It is incumbent on each of us in the field of education to stay current with the types of communication being used by society. It is also important to keep in mind the historical contexts that have brought about different types of literacies as well as the reasons different groups and leaders have chosen to suppress the knowledge that allows a society to become literate. What will the impact on society be if we do not clearly define what 21st Century literacy is and teach students how to use these skills responsibly? It falls upon education leaders, teachers, administrators, politicians, parents and community members to work together to create a culture that embraces professional development that supports teacher expertise with information and communication technologies that allow the field of education to maintain current literacy practices as they evolve.


Implementing a Blended Learning Approach to Professional Development

Screen Shot 2014-07-19 at 1.05.00 PMAs an administrator with responsibility for providing professional development (PD) for certificated and classified staff,  I had the opportunity to be part of a team that implemented a blended model approach to PD the last few years. Working with a county office of education, I had staff located throughout a 50 mile radius. In addition to the challenges that come with being separated by so many miles, staff also had different areas of expertise. While there are many similarities to good teaching across specific student populations, there are also distinct differences to be found in best practices for students who are deaf or hard of hearing, visually impaired, emotionally disturbed or diagnosed with autism. By implementing a blended learning approach to professional development, staff were able to engage in more personalized learning focusing on skills and curriculum that would best support the success of their students. Additionally, this provided staff with greater flexibility to engage in learning and developing their individual areas of expertise at times that worked best for them. It also provided staff who were interested in engaging in further development, resources to guide their learning.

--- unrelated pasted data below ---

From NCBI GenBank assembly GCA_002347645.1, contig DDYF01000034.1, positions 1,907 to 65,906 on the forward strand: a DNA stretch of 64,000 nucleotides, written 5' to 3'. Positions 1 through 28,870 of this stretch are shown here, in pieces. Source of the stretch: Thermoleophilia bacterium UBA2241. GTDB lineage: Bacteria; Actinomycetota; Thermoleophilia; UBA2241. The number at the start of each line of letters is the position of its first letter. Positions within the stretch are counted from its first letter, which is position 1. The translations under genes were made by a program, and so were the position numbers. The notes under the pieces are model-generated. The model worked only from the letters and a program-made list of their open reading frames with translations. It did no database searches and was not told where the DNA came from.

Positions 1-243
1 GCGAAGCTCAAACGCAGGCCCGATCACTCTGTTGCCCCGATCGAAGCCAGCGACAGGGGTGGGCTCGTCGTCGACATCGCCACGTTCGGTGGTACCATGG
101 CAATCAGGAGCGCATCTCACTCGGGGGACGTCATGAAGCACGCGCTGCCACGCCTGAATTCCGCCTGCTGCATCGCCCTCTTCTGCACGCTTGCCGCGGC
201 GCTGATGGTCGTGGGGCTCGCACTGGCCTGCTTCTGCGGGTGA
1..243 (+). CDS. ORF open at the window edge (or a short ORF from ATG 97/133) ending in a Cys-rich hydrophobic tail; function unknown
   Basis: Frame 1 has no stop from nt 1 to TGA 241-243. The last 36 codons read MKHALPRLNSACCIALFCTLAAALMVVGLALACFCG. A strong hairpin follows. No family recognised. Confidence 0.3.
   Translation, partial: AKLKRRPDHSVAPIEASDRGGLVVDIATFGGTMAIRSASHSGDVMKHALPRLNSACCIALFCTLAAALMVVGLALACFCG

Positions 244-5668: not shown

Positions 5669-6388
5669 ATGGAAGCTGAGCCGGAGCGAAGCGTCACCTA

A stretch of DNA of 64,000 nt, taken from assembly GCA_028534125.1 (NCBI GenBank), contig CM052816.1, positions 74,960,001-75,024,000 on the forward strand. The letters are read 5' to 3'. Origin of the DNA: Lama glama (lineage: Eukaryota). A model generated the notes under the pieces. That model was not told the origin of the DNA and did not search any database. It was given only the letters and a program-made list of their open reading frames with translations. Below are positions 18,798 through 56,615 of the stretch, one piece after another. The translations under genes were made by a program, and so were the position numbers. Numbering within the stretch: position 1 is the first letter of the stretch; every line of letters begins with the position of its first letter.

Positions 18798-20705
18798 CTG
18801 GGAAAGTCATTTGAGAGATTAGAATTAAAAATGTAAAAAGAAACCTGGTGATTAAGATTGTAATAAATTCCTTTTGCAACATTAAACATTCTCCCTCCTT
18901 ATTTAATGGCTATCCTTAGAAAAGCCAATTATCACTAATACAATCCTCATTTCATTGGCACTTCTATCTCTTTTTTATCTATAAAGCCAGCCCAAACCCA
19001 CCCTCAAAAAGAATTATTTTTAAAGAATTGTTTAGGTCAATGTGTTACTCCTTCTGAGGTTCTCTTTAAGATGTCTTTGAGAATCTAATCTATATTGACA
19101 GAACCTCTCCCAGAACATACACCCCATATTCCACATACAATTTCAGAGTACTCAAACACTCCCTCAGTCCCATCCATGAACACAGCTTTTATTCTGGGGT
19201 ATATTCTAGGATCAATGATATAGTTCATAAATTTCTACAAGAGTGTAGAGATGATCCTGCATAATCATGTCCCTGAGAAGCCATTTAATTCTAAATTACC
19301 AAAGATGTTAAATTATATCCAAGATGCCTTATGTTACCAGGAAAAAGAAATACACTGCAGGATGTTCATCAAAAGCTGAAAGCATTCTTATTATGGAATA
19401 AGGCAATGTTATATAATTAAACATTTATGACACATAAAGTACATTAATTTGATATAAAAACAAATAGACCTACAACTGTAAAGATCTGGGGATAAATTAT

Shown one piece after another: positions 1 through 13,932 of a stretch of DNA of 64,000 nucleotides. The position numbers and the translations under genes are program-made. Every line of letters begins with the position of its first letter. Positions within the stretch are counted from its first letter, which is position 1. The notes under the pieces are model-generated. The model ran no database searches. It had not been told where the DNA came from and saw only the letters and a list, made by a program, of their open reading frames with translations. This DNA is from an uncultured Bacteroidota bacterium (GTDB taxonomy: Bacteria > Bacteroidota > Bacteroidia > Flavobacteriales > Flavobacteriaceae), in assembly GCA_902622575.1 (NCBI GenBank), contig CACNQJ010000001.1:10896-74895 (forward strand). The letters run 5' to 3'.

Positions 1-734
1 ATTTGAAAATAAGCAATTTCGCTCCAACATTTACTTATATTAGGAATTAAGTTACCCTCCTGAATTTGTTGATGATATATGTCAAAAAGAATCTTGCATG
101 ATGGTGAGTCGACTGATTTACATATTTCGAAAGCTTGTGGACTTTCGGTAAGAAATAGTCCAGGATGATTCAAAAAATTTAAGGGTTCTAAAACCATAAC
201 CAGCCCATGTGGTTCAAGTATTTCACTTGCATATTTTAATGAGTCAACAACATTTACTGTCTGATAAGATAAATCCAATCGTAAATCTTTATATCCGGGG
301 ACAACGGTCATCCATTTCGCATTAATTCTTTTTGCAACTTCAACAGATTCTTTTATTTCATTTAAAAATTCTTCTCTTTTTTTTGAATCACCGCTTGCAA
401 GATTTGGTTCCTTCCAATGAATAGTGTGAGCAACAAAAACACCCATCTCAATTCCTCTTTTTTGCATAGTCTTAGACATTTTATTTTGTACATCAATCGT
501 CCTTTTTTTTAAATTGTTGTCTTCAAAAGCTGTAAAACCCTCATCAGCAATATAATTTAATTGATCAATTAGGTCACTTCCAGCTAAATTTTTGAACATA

This blended model of professional development incorporated the study of online modules, video, Google presentations, Google forms and Google documents. Teachers and classified staff whose expertise was being developed in supporting students with moderate to severe handicaps chose evidence based practices to study from AIM (Autism Internet Modules. Teachers chose two practices a year that all staff would study and one to two evidence based practices (EBPs) that they would study individually. This course of professional development was supported by two monthly in person meetings.